Microsoft's MIX07 conference in Las Vegas this week was all about back-slapping, creating synergies, going forward and keeping a bunch of company people in front of a bunch of corporate consumers and potential consumers. Ideally, then, a marketing and PR dream come true. Until that is someone came up with the bright idea of allowing actual opinions to be expressed.
One place - according to Computer World Malaysia - in which opinions were not voiced appears to have been Microsoft's President of Entertainment and Devices, Robbie Bach's keynote address in which he wanted to talk about "connected entertainment". Someone forgot the shut the doors, therefore the attendees who were, apparently "teeming out" of the keynote missed out on Richard Rasala, associate dean of computer science at Northeastern University, pointing out to those remaining that, "The Xbox community existed, but the Microsoft ads [in games and on Xbox Live] then got moved around quite by accident, not by design. It's unclear that many companies can replicate that pattern by design."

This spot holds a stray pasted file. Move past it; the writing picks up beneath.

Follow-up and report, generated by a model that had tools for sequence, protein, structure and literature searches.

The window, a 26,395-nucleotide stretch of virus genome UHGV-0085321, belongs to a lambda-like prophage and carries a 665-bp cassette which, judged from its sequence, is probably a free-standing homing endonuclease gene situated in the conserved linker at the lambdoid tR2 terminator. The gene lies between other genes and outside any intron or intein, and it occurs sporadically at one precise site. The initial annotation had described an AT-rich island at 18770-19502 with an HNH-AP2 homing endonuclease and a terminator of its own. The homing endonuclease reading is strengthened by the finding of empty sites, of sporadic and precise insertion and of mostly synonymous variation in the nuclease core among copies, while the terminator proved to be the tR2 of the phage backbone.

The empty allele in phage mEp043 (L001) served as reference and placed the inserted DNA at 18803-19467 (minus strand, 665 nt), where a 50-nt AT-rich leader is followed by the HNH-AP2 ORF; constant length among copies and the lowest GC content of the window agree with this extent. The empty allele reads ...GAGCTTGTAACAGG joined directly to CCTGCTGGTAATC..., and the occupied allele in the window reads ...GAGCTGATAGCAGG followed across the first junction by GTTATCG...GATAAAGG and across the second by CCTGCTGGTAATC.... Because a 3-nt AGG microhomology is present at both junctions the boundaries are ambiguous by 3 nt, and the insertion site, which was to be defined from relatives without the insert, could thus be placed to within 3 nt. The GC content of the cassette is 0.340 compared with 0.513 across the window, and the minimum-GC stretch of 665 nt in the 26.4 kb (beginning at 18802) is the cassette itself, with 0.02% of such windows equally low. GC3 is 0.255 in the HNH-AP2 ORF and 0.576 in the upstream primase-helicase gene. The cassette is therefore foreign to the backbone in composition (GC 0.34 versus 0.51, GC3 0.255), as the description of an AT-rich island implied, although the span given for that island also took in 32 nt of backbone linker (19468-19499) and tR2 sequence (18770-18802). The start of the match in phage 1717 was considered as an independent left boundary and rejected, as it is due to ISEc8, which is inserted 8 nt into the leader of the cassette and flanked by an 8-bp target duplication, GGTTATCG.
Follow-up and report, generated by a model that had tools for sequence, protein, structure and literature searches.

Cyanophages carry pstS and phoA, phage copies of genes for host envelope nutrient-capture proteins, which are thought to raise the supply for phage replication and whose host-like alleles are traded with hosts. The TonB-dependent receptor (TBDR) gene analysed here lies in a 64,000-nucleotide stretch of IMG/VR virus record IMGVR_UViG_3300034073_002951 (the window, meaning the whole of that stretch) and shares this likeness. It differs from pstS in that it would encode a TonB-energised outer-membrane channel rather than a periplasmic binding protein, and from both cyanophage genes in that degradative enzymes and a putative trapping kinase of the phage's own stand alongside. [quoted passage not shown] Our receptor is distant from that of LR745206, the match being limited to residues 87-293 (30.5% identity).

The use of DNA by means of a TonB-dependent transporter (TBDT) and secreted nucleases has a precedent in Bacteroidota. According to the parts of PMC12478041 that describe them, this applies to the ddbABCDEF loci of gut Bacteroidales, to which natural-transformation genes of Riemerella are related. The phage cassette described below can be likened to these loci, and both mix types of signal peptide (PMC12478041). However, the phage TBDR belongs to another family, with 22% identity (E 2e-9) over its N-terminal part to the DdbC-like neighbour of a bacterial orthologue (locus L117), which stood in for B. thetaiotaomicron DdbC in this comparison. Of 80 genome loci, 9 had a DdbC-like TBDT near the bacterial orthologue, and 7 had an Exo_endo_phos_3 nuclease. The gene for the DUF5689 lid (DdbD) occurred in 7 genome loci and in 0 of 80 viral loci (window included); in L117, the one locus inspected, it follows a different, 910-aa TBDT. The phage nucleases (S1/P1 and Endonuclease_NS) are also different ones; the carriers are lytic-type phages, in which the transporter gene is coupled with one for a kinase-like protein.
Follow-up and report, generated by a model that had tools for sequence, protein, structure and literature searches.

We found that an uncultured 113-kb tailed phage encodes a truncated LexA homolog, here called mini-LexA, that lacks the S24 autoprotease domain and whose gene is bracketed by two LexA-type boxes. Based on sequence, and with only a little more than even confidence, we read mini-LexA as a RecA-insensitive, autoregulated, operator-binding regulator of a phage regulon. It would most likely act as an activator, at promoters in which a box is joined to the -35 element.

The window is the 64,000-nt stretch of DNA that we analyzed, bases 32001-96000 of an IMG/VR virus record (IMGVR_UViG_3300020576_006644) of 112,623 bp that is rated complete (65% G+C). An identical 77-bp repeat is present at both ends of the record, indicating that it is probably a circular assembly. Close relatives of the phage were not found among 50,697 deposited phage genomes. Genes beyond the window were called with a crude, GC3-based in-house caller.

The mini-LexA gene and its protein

And it didn't stop there - at a panel entitled, 'Marketing is Dead...Long Live Marketing!', worldwide publisher of the highly respected Economist
magazine, Andrew Rashbass, followed up poor Robbie's statement that, "We are engaging people, we are getting them to be interactive, and getting them to be social", by stating:
"It's kind of funny to hear Robbie Bach giving a talk on advertising and monetization when he just lost $300m in the last quarter. It's difficult to engage consumers. Robbie can show a few examples but the examples he doesn't show are the thousands of examples that don't engage consumers. Technology doesn't engage consumers."
Now, there could be just the tiniest of self-interest in this quote, coming as it does from the publisher of a magazine that relies on dead trees.
This is supported by a further Rashbass blast, as reported by Gavin Clarke on The Register†
, "You have all these devices and lots and lots of publishers trying to do it, but nobody is interested. Look at uptake for new readers. We [already] have the perfect portable reader you can take to Central Park, the bed or bath. I'm not saying that because I want magazines to continue, but because the market is dictating."
But we can't leave the conference without one final Rashblass beauty; as every gamer knows, intrusive in-game advertising, the man from The Economist
agrees, "The way advertising works is you piss off 92 per cent of the audience to reach two per cent. Ninety two per cent of users find adverts distracting and they wish they had a way to switch them off".
Is Andrew Rashbass a new hero or a tree-murdering Luddite? Discuss in the Forum below.† The Register